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Mérida
Thursday, May 26, 2022
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Josefina Larraín Lagos poses for Yucatán at Home magazine's cover on Aug. 17, 2021. Photo: Carlos van der Gracht de Rosado This morning in Josefina Larraín Lagos’ own home, which she designed with architect husband Salvador Reyes, serenity would be a struggle for...
For eight years now, CENTRO Architects have been working to address maintenance issues large and small in Mérida’s Centro. 
Illustration: Juan Pablo Quintal García Cats replaced people as my friends soon after quarantine 2020 began.  Watching the street took on a new fascination after lockdown. The utility roof was meant for ventilator and air conditioning equipment, not for cocktails,...
I thought I knew a lot about dogs until I took in two rescues. I was wrong. Rescuing a dog off the street, one that’s never been in a home or felt a tender hand, is a completely different story. 
Architect Carlos de la Barrera is well known in Mérida for projects that blur the line between interior and exterior and challenge established ways of doing things locally. 
Succulents dominate the landscape outside the entryway to Ric Kokotovich and Alison Wattie's home in Mérida. Photo: Carlos Rosado van der Gracht When Ric Kokotovich and Alison Wattie expanded their Mérida home by buying the lot next door, they took an opportunity to...
Marc Olsen's ranch in a remote part of Yucatán is powered completely by sun and wind. Photo: Carlos Rosado van der Gracht Long before social distancing became a thing, Marc Olson took the concept to a new level. He began building a home...
Yucatán at Home's first issue came out over the summer when throwing parties just wasn't allowed.
Trading Los Angeles for a new life in Yucatán would never be easy. But the payoff has been huge for Monica Petrus, an artist who has become “Monica de Hocabá,” and a bit of a celebrity.
As Christmas approaches, so does the opportunity of finding your ideal indoor greenery. When it comes to trees, most people tend to divide into two teams: artificial or living.
Organic food production is a somewhat newer trend in agricultural ventures, as it promotes a friendlier environmental process, and is overall said to be healthier for consumers. 
Located right in front of the high school Centro Universitario Montejo, the market hosts slow-food vendors on the weekends and maintains its crafts and decor market all throughout the week.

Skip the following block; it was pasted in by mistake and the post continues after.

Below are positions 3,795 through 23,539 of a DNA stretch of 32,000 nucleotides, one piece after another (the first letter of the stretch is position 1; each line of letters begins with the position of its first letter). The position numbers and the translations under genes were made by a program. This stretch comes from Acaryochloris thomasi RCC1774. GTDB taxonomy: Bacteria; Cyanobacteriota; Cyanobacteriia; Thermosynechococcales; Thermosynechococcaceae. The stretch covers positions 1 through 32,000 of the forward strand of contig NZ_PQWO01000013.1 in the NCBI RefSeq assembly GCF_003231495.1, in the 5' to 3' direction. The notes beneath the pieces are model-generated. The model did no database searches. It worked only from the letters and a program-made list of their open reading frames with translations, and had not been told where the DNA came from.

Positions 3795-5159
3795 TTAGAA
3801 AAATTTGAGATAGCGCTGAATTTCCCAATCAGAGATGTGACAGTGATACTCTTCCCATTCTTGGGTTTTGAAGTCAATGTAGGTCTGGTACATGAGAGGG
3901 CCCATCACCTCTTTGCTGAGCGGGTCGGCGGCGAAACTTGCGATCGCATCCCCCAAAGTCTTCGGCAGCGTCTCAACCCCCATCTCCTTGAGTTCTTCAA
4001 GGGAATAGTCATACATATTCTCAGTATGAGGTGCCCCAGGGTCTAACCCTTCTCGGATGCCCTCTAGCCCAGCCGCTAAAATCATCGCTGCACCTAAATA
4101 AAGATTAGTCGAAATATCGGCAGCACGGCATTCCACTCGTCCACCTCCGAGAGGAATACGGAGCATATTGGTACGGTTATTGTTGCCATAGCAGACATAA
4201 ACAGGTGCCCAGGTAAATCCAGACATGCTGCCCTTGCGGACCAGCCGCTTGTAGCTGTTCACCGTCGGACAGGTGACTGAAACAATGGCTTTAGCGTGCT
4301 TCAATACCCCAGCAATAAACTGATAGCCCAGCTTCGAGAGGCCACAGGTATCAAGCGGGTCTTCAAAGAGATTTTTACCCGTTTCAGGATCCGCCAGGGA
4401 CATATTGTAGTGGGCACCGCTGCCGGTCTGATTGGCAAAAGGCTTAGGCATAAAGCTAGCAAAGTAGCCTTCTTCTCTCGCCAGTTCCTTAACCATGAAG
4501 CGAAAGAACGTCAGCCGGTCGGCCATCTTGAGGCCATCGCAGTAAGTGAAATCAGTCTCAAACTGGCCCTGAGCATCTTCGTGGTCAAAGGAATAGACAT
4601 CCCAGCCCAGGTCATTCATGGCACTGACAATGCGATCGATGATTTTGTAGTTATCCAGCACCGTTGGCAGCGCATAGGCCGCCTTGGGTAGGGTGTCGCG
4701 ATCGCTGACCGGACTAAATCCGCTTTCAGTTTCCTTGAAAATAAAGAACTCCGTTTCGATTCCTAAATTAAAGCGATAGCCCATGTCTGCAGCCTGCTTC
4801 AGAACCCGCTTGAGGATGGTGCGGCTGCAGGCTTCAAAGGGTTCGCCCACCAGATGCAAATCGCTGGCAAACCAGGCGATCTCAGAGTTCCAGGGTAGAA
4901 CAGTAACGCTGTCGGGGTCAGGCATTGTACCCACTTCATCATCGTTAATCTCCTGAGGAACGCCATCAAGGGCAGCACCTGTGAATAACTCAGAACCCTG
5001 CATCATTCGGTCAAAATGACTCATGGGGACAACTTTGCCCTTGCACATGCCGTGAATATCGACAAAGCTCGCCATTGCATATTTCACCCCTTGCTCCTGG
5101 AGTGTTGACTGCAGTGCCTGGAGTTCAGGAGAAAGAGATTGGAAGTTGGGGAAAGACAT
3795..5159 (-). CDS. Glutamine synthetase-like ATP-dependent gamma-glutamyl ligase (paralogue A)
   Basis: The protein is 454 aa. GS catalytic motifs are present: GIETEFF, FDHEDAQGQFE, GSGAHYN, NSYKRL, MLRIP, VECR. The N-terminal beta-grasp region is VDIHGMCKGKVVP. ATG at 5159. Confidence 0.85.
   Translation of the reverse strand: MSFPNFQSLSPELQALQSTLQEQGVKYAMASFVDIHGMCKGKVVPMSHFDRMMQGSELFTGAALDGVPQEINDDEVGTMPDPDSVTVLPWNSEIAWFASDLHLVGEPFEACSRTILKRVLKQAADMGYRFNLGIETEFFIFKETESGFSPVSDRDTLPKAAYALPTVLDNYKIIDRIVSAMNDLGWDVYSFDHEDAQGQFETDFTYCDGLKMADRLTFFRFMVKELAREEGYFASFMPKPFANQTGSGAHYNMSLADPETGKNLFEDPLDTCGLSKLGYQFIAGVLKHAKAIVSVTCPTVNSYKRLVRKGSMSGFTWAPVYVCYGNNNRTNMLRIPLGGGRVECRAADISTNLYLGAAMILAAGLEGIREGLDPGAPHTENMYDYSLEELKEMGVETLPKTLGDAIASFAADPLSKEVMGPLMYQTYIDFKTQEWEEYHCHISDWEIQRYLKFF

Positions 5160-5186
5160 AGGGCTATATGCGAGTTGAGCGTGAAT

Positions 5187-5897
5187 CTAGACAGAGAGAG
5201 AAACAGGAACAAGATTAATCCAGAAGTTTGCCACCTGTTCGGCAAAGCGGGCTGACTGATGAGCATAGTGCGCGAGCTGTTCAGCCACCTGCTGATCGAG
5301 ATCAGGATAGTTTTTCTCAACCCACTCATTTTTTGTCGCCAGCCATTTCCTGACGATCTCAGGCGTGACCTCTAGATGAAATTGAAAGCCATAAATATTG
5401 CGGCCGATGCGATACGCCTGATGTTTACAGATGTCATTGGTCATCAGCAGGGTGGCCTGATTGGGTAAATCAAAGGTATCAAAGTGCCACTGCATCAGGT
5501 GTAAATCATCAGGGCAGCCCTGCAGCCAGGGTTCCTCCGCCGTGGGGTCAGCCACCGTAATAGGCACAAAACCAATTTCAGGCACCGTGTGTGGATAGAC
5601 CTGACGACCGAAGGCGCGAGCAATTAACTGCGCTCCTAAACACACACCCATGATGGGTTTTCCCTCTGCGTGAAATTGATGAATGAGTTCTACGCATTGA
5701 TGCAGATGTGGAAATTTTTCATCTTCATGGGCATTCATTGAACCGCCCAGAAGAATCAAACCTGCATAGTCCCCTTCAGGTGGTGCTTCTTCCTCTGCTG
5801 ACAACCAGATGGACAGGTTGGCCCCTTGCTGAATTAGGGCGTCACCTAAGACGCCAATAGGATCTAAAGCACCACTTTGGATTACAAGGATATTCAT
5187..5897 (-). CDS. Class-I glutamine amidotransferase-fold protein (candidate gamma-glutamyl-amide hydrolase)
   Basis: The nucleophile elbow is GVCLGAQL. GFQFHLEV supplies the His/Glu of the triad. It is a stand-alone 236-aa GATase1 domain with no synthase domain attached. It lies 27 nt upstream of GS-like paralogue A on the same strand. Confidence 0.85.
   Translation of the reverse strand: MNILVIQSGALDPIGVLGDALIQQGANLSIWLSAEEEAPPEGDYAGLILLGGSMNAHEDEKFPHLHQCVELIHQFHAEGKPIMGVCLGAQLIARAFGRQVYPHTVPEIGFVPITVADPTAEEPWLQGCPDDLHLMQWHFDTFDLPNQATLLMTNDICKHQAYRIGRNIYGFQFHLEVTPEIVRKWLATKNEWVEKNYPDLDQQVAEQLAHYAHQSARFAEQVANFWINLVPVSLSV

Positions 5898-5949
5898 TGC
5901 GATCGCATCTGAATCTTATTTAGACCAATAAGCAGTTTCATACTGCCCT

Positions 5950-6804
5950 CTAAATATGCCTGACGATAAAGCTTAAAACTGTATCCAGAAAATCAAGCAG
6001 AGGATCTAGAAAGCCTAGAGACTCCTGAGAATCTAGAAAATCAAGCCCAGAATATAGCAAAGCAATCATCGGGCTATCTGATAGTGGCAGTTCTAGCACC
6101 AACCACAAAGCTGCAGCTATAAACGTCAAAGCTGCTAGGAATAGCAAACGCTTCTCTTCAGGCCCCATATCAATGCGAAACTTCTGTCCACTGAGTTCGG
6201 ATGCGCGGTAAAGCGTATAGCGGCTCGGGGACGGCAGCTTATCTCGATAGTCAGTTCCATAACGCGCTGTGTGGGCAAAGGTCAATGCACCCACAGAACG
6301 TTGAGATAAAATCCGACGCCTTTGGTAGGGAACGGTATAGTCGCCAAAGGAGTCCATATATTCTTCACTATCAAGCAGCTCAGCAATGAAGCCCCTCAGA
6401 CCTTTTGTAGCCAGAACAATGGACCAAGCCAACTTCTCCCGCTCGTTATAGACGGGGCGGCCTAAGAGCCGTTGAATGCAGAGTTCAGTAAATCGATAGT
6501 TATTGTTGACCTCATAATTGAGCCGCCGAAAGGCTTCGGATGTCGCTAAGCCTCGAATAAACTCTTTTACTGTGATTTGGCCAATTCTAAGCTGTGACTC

Its yellow church, French cobblestone streets, and botanical garden are testimony of the passing of time throughout the capital.
A neighborhood of great importance in the city, it emerged in the late 1940s, under the government of Ernesto Novelo Torres, but did not become relevant until the following decade. 
Nochebuenas, otherwise known as poinsettias, are the iconic Christmas season plant. They are the most widely sold potted plant in the world, and, a fact widely ignored outside the country, they are actually native to southeastern Mexico. 
It’s not a quiz show — it’s a phenomenon that occurs a lot in Mérida, and perhaps other cities in Latin America as well, where expats have fixed up their dream retirement home and as the final touch on their restoration place a plaque on the wall next to the entryway that says “Casa Flores” or some such thing.
Built in the 19h century, the now boutique hotel was declared a Historic Monument in 1982, and to this day preserves its original French-style architecture. It has become one of the most iconic buildings in Paseo Montejo.
In today’s Centro, people are looking for properties that maintain the original essence of what there was, whilst becoming functional and enjoyable. FMT faced this challenge in 2018, with a project they dubbed “La Casita”. 
Fabián Gutiérrez met Francisco Bernés while they were both studying architecture in UADY, the state university of Yucatán. After spending some time abroad in Austria, and through their shared influences, they started designing together. 
The splendor and flare of the mansions became a symbol of the economic success brought to the state by the “green gold era” — the henequén times, which coincided with the Porfiriato. 
Weddings took up most of Fabrizio’s time, until the pandemic halted all social events. Then, as most anxious personalities did, he turned back into his hobbies to find purpose and inspiration.
The park, which measures about a full city block, features a roller skating rink, a children's playground, a large esplanade with a musical fountain, green areas, and a stage where artistic and cultural events are frequently held.
After being seemingly abandoned for some time, its 2020 for-sale announcement reawakened curiosity for the building.
The town is well known for its beautifully adorned 17th-century church but is not frequented by many tourists.